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A Color-Shifting Landmark

Cornell Tech’s high-rise residence is one of the tallest passive house buildings in the world

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Photo: Jonathan Morefield Photography

At 26 stories, The House at Cornell Tech in Roosevelt Island, N.Y., is one of the tallest passive house buildings in the world. Designed by New York City-based Handel Architects, it contains 352 affordable residential units for cash-strapped graduate students. Additionally, The House meets Energy Star standards and LEED Platinum certification for Homes Multifamily High-Rise.

Part of Cornell Tech’s new 2.1 million-square-foot technology campus, The House is designed to reinforce the unique model of academic integration, multi-disciplinary research and collaboration at the core of the school’s mission. At 270 feet tall, the building is an iconic marker for the school, while serving as a collaborative space for residents with its multistory lobby to its rooftop space.

The building’s extreme energy efficiency is one of the reasons the apartments are so affordable for students. The House has an innovative, high-peformance building envelope made up of Reynobond aluminum composite material (ACM) wall panels by Arconic Architectural Products LLC, Eastman, Ga., triple-pane windows, mineral wool insulation, and air and vapor barriers. The innovative system is factory-sealed into large, single-story curtainwall assemblies that were hoisted on to the building as fully integrated units resulting in a supertight, super-insulated exterior wall assembly.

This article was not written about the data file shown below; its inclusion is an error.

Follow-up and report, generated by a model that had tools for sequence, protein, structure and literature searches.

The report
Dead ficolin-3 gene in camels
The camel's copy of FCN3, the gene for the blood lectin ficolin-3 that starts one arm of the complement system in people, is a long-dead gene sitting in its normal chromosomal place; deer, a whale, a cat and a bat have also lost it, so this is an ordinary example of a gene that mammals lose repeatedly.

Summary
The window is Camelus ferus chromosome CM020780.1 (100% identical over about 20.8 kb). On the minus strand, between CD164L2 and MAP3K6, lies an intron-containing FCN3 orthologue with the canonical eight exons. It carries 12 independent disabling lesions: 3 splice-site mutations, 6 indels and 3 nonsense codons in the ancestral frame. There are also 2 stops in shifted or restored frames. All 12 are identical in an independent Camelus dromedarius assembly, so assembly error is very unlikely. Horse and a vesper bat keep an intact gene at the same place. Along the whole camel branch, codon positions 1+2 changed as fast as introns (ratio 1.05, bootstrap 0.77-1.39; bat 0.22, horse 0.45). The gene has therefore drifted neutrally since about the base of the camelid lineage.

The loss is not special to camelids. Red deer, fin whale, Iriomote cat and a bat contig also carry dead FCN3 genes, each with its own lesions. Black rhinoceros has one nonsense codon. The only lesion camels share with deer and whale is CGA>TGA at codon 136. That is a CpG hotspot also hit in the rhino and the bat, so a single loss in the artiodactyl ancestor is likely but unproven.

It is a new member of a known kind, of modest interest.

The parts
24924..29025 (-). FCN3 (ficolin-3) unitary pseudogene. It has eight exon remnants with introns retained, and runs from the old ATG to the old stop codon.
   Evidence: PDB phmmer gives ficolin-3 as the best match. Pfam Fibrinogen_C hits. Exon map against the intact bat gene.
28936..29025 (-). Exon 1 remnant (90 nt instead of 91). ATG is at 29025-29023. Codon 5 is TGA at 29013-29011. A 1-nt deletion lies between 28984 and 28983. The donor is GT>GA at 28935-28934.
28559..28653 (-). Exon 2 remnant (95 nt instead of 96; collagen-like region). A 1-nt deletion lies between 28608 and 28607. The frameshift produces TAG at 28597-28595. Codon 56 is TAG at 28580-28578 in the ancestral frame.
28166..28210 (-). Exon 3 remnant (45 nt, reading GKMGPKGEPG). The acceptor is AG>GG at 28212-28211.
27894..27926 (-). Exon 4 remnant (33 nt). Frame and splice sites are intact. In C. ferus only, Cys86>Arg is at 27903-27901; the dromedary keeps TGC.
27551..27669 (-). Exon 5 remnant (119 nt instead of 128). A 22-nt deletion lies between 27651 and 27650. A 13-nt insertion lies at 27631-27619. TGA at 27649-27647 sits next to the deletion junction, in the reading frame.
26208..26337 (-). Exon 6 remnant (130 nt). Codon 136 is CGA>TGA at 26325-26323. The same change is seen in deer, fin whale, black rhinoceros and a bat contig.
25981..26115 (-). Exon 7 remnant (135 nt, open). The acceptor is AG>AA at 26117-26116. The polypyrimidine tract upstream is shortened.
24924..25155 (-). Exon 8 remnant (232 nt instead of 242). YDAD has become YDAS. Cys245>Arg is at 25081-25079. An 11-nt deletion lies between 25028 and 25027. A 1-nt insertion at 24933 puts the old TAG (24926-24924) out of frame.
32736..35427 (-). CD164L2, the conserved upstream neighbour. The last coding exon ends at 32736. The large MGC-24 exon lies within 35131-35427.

When combined with highly efficient heating, cooling and fresh-air circulation systems, the energy consumption in the tower is reduced by up to 70 percent compared to conventionally constructed buildings of the same type.

Photo: Jonathan Morefield Photography

The House’s exterior shimmers, using color-changing paint that naturally shifts color from silver to warm champagne when reflecting light. To achieve the building’s striking appearance, Handel Architects reached out to Scott Moffatt, architectural sales manager at Pittsburgh-based PPG Industries Inc., who suggested using PPG’s DURANAR MXL coatings. These coatings feature a dynamic color formulation that PPG had recently brought to market. Moffatt introduced the design team to David Story, PPG’s chief stylist and manager of color science, who worked directly with them to fulfill the building’s aesthetic demands.

From the beginning, Story says they were involved with trying to style two primary colors. “One was for the primary skin of The House, which the architects wanted in a silver color that shifted to a gold or champagne color. The second was for the large window well panels, which they wanted to paint in ‘a bronze with something special.’”

The team ultimately decided on a formula called Zenon Atoms for the primary metal panels and Kappa 4.1 for the window wells. Deborah Moelis, principal with Handel Architects, says they were looking for a paint that would be dynamic—one that would add depth and life to the façades. “The deep rich color of the Kappa with a slight sparkle provided the perfect contrast to the color-changing Zenon Atoms tint. The color of the Kappa was beautifully tuned to bridge between the champagne and silver of the Zenon Atoms.”

According to Story, each Duranar MXL coating is a unique styling, formulated with the architect to achieve his or her design vision. “Initially, we were going for the high-gloss look [for The House], but after the design team saw the 3-D look we were able to create with the Duranar MXL coating, they were sold on that.”

While the Kappa color for the window wells looks like a plain bronze shade from a distance, Story says that the color seems to explode when exposed to full sunlight, with a 3-D rainbow sparkle. The Zenom Atoms color contains PPG’s proprietary ULTRA-COOL IR-reflective pigments, which deflect sunlight to limit heat island effect and diminish cooling loads for the HVAC equipment, which provides energy savings to commercial buildings.